If you’re reading this article, I’m guessing you either hate your job or you don’t have one. I hear you, I’ve been there too and it’s not a great feeling. It can be frustrating and demoralizing to feel trapped in the wrong profession or worse, no profession at all. But will returning to study help you reach that dream you’re seeking?
Back in the good old days, you left school, got a job and stayed there for the rest of your working life, until you retired at 60 with a gold watch if you were lucky. Things have certainly changed! It’s approximated that the average young worker today will have up to 10 jobs in their lifetime and with job security being virtually non-existent in the modern era, sometimes changing careers isn’t even a choice. If you lose your job or maybe just hate-hate-hate it, you might be considering further study to get a better job with better pay. But is further study really the best way to reach that new goal? And if so, is it actually worth it financially?
Will it actually get you what you want?
Too many of us made our career choices back when we were pimply faced teens, inspired by caricatures on TV but with as much real world experience as a goldfish. It’s really no surprise that, when we discover being a police officer isn’t all catching bad guys and eating doughnuts that we return, disheartened, to the old drawing board.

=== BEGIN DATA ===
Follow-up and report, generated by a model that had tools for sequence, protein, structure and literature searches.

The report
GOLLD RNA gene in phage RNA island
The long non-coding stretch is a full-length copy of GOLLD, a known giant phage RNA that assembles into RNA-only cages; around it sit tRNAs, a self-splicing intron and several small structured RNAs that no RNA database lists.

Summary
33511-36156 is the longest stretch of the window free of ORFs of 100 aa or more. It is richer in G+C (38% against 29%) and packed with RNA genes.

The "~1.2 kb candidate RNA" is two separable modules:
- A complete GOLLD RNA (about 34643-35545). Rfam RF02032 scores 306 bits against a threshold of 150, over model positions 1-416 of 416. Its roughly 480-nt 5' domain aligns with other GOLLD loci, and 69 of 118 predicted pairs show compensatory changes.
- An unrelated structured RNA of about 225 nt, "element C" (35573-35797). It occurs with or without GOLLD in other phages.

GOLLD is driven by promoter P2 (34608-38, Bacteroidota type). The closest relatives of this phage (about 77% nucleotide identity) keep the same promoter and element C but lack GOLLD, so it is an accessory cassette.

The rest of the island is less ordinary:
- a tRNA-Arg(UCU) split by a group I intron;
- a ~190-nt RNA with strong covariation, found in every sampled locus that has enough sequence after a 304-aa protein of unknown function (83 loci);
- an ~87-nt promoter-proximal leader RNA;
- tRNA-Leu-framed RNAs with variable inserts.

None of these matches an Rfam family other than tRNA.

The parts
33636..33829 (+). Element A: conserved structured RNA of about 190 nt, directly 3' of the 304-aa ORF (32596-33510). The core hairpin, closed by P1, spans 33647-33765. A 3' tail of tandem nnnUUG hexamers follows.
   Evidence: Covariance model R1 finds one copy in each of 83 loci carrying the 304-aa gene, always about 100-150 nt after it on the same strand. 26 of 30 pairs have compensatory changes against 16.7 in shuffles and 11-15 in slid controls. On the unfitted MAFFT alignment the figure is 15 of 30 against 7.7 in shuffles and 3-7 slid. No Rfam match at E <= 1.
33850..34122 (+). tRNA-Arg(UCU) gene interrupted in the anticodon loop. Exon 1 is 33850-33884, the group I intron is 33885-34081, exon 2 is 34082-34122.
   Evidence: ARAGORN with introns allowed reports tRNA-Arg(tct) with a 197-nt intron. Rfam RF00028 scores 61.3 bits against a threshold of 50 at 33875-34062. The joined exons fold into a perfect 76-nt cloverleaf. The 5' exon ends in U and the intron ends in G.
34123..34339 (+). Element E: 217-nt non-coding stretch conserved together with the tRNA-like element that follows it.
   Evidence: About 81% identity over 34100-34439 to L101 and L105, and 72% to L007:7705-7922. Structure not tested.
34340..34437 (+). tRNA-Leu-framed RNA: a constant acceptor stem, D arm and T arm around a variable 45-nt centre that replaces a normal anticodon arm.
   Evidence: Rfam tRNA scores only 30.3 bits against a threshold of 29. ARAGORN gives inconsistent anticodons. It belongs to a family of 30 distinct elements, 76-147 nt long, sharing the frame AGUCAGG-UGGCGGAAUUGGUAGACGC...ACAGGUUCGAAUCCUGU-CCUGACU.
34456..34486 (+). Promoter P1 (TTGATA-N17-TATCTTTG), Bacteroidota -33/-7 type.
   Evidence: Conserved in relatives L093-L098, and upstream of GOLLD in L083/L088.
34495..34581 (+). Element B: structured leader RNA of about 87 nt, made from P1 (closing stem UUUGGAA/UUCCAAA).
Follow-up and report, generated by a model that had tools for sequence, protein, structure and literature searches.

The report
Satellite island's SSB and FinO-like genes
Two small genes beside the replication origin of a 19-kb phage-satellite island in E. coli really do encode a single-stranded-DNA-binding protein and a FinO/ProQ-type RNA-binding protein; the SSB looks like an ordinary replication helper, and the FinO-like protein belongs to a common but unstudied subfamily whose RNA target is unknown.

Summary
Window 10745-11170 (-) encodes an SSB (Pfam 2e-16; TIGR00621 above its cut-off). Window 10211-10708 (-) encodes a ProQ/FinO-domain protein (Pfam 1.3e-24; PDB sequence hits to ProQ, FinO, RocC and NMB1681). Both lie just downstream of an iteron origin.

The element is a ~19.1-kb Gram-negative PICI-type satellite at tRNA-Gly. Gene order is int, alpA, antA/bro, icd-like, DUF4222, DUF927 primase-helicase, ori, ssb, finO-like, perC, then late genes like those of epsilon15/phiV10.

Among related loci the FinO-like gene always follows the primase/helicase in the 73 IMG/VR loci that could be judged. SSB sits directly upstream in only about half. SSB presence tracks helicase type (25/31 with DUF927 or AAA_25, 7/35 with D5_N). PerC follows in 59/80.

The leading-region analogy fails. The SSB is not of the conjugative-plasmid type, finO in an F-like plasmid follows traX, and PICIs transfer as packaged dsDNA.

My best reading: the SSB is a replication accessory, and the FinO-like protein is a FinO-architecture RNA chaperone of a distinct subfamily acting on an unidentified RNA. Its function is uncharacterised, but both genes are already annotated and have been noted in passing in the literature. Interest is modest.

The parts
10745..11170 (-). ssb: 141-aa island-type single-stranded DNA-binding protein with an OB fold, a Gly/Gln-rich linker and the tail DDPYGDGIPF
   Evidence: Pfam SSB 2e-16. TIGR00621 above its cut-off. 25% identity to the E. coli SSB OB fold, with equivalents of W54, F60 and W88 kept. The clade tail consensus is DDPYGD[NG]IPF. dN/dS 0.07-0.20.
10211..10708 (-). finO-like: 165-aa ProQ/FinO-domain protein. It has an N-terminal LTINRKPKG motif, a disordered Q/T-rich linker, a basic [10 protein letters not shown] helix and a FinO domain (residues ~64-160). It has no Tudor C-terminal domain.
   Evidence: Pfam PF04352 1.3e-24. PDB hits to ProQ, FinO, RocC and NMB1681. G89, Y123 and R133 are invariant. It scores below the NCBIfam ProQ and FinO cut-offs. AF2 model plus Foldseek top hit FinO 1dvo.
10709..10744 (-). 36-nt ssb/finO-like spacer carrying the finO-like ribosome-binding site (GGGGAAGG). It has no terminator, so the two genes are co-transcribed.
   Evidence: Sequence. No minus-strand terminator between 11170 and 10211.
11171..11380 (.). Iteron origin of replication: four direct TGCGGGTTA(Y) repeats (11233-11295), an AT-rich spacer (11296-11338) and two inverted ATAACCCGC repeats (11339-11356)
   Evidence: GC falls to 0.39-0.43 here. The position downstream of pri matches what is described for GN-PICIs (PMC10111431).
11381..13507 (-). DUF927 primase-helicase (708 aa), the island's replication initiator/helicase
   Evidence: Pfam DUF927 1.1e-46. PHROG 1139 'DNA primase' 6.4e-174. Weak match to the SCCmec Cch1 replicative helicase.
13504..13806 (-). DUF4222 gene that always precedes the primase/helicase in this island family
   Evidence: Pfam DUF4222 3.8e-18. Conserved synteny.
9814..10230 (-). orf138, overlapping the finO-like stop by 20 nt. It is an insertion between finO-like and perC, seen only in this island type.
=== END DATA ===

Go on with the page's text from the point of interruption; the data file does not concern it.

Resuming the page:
Working out what you really want to do is difficult. Some psychologists even specialise in guiding people through this decision making process, so fraught with danger and difficulty it is. You will need to do some soul searching.
Start by asking yourself the following questions:
- What jobs are actually available? Is your dream job realistic? (We can’t all be prime minister!)
- Can you create your dream job? Could you start a business? Have you got the passion and wherewithal to take that challenge?
- Have you got a real understanding of your dream job or are you fantasising about what it would be like? Remember now, real writers don’t all wear designer shoes and lives in big city penthouses (thank you very much Carrie Bradshaw…).
Do you really want it?
The thing about study that we so often forget when we’re not doing it is, it’s hard. Really hard. It’s not that the content itself is too difficult (although sometimes it can be!) it’s more the self-disciplined reading, writing and forcing yourself to work for free. It won’t always be fun, you will be stuck at a desk while all your friends water-ski past your window on the perfect day, and the initial excitement will wane faster than you can look up “wane” in the dictionary.
If you are going to return to education to further your career prospects, you have to really, truly want it. I recently had a moment’s folly wherein it struck me as a brilliant idea to enrol in a masters degree in human resource management, expanding on my heretofore unused arts degree. At first I was nervous, then excited, then aghast. I don’t want to learn the intricacies of industrial law, nor do I want to be the schmuck who has to inform staff they’ve been made redundant! I had gotten all worked up about the title and the vision, but didn’t have the passion to get through the course, let alone spend the rest of my life in the job.